Wednesday, 26 February 2014
Monday, 24 February 2014
Friday, 21 February 2014
Wednesday, 19 February 2014
Monday, 17 February 2014
An editorial in this month’s edition of Global Heart (the journal of the World Heart Federation) asks ‘are we living in the final days of the stethoscope’—a question being asked due to the rapid advent of point-of-care ultrasound devices, that are becoming increasingly accurate, smaller to the point of being hand-held and less expensive as the years roll by.
Friday, 14 February 2014
Wednesday, 12 February 2014
South Korea will spend US$1.49 billion between now and 2020 on its 5G wireless network, which is expected to be 1,000 times faster than the 4G service allowing users to download an 800 megabyte film in one second. An experimental strontium atomic clock has set new world records for both precision and stability. The clock is so precise it would neither gain nor lose one second in about 5 billion years. 24th January 1984 saw the release of the first Macintosh computer. A 128K RAM version had a $2,500 price tag.
Tuesday, 11 February 2014
Seminar on TEM Cathodoluminescence, London, UK, 20 February 2014. Advanced Materials for Demanding Applications, St Asaph, Wales, UK, 7 – 10 April 2014. 17th International Conference on Metalorganic Vapour Phase Epitaxy, Lausanne, Switzerland, 13 – 18 July 2014. 18th International Conference on Molecular Beam Epitaxy, Flagstaff, Arizona, USA, 7 – 12 September 2014.
Monday, 10 February 2014
k-Space Associates, Inc. have delivered 2 kSA MOS systems in France, to CEMES in Toulouse and IM2NP in Marseille. CEMES plan to measure plastic deformation of thin films on rigid substrates and eventually the fatigue of metallisation layers on microelectronics devices in the temperature range of 100-800K. IM2NP will use the system to measure stress during ALD or CVD growth of thin oxide films whilst simultaneously measuring crystal structure by GIXRD - at the SOLEIL synchrotron.
Friday, 7 February 2014
Coined by sociologist Robert K Merton, to describe the possibility that the work of those with high status receives greater attention than equivalent work by those who are not as well known, the “Matthew Effect” is a contentious matter in the scientific world. Identifying this phenomenon in scientific paper citations is difficult, as it is hard to separate the status of the author from the quality of the paper. It is possible that better known researchers are producing higher-quality papers, which get more attention as a result. However some supportive evidence has come from a recent study that claims citations of papers increase by 12 percent, above the expected level, when their authors were recipients of a certain award. The effect takes its name from Matthew 25:29, the Parable of the Talents.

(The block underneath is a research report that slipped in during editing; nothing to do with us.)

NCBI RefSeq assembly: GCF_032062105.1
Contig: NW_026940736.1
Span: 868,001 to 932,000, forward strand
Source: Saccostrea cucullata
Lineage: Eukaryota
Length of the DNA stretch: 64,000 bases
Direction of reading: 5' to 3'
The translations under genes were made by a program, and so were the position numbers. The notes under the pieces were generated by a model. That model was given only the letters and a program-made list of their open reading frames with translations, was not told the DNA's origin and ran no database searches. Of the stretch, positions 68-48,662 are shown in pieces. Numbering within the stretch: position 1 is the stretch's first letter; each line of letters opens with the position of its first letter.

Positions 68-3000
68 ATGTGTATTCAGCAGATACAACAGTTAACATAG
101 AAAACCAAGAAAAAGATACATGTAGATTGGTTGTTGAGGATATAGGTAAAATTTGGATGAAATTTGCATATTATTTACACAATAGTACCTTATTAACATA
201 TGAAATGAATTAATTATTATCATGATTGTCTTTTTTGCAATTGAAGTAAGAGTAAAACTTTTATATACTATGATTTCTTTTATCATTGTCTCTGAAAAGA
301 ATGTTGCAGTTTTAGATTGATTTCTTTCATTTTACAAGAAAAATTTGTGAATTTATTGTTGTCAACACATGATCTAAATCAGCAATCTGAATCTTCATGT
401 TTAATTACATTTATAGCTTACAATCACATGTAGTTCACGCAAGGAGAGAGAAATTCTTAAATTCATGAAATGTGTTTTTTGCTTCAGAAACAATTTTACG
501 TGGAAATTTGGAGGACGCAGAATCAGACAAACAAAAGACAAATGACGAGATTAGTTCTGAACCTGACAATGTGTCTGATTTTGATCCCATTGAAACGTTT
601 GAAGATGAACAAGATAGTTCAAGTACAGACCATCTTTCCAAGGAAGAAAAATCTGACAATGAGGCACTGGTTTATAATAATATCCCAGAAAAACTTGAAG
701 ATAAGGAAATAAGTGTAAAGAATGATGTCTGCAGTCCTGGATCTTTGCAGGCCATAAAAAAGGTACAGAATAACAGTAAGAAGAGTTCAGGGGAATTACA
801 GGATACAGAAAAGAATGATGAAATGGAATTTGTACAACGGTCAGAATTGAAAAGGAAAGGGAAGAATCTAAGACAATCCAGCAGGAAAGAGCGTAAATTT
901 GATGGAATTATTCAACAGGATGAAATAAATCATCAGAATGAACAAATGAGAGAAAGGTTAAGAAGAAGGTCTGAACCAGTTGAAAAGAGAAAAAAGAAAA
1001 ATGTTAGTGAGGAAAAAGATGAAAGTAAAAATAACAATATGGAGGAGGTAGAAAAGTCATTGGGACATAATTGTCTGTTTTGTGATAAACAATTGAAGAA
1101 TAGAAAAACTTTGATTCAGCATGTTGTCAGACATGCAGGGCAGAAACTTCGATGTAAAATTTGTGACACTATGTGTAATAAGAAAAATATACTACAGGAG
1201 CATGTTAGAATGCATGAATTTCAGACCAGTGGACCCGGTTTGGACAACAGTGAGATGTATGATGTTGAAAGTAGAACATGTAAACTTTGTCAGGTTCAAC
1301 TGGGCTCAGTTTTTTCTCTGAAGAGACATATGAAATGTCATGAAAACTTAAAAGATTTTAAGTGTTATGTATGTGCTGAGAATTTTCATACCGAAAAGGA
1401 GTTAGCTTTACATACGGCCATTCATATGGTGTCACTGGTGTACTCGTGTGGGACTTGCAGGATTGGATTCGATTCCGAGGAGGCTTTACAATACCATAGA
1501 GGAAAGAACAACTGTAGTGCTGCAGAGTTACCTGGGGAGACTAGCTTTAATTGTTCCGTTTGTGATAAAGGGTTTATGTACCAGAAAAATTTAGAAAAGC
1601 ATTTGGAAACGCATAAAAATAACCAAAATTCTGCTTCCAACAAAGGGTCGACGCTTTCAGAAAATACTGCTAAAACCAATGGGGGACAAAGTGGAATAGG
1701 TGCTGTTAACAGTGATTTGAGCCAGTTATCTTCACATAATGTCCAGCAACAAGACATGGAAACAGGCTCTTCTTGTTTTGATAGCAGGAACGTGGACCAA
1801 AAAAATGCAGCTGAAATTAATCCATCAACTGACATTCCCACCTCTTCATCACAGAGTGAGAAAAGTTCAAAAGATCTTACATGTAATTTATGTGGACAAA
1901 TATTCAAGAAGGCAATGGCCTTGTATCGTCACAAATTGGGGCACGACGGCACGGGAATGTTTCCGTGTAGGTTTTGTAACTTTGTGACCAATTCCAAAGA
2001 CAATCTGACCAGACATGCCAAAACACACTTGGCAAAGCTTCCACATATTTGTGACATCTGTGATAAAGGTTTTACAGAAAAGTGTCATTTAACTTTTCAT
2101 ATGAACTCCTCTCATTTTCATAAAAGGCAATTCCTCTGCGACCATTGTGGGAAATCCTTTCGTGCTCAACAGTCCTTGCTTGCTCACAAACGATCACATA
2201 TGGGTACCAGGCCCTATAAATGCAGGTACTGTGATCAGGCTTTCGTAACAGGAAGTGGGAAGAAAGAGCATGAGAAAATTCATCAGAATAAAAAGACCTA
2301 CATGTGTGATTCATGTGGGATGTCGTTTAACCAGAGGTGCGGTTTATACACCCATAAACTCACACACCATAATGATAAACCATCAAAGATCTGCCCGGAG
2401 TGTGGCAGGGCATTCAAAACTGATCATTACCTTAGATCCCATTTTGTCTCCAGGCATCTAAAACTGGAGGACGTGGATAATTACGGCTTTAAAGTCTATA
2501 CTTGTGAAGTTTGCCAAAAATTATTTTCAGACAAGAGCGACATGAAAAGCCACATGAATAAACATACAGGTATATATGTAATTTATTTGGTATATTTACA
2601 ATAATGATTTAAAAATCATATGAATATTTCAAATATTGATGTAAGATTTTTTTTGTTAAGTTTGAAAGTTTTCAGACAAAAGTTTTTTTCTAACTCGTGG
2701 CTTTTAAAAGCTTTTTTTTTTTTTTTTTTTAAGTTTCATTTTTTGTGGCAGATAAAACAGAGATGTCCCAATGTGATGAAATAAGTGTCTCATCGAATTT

Thursday, 6 February 2014
Register today for the Thermo Scientific webinar presentation on February 20th to learn how using automation and intelligent software drives productivity. As samples stack up in your lab, or the queue of users waiting for their turn on your XPS instrument grows longer - with a modern XPS system, the ability to maximize productivity on the instrument becomes a primary concern.
Wednesday, 5 February 2014
I am not sure about elephants, but recent work at Tübingen University in Germany claims that older people do not decline mentally with age, it just takes them longer to recall facts because they have more information in their brains. Akin to how a computer struggles as the hard drive gets full up, humans just take longer to access information. The researchers say this slowing down it is not the same as cognitive decline. Time to defrag the old brain?
Tuesday, 4 February 2014
The Department of Materials has purchased a K-Alpha XPS system from Thermo Scientific to support their collaborative work on grid scale energy storage materials and technologies, funded through an EPSRC “Eight Great Technologies” capital award in 2013.
Monday, 3 February 2014
Annually, the website Edge asks a big question and this year it asks what scientific idea is ready for retirement? According to Max Planck - "A new scientific truth does not triumph by convincing its opponents and making them see the light, but rather because its opponents eventually die, and a new generation grows up that is familiar with it". In other words, science advances by a series of funerals. So Edge asks why wait that long? Among the suggested candidates for retirement are Moore's Law; Entropy and the Uncertainty Principle.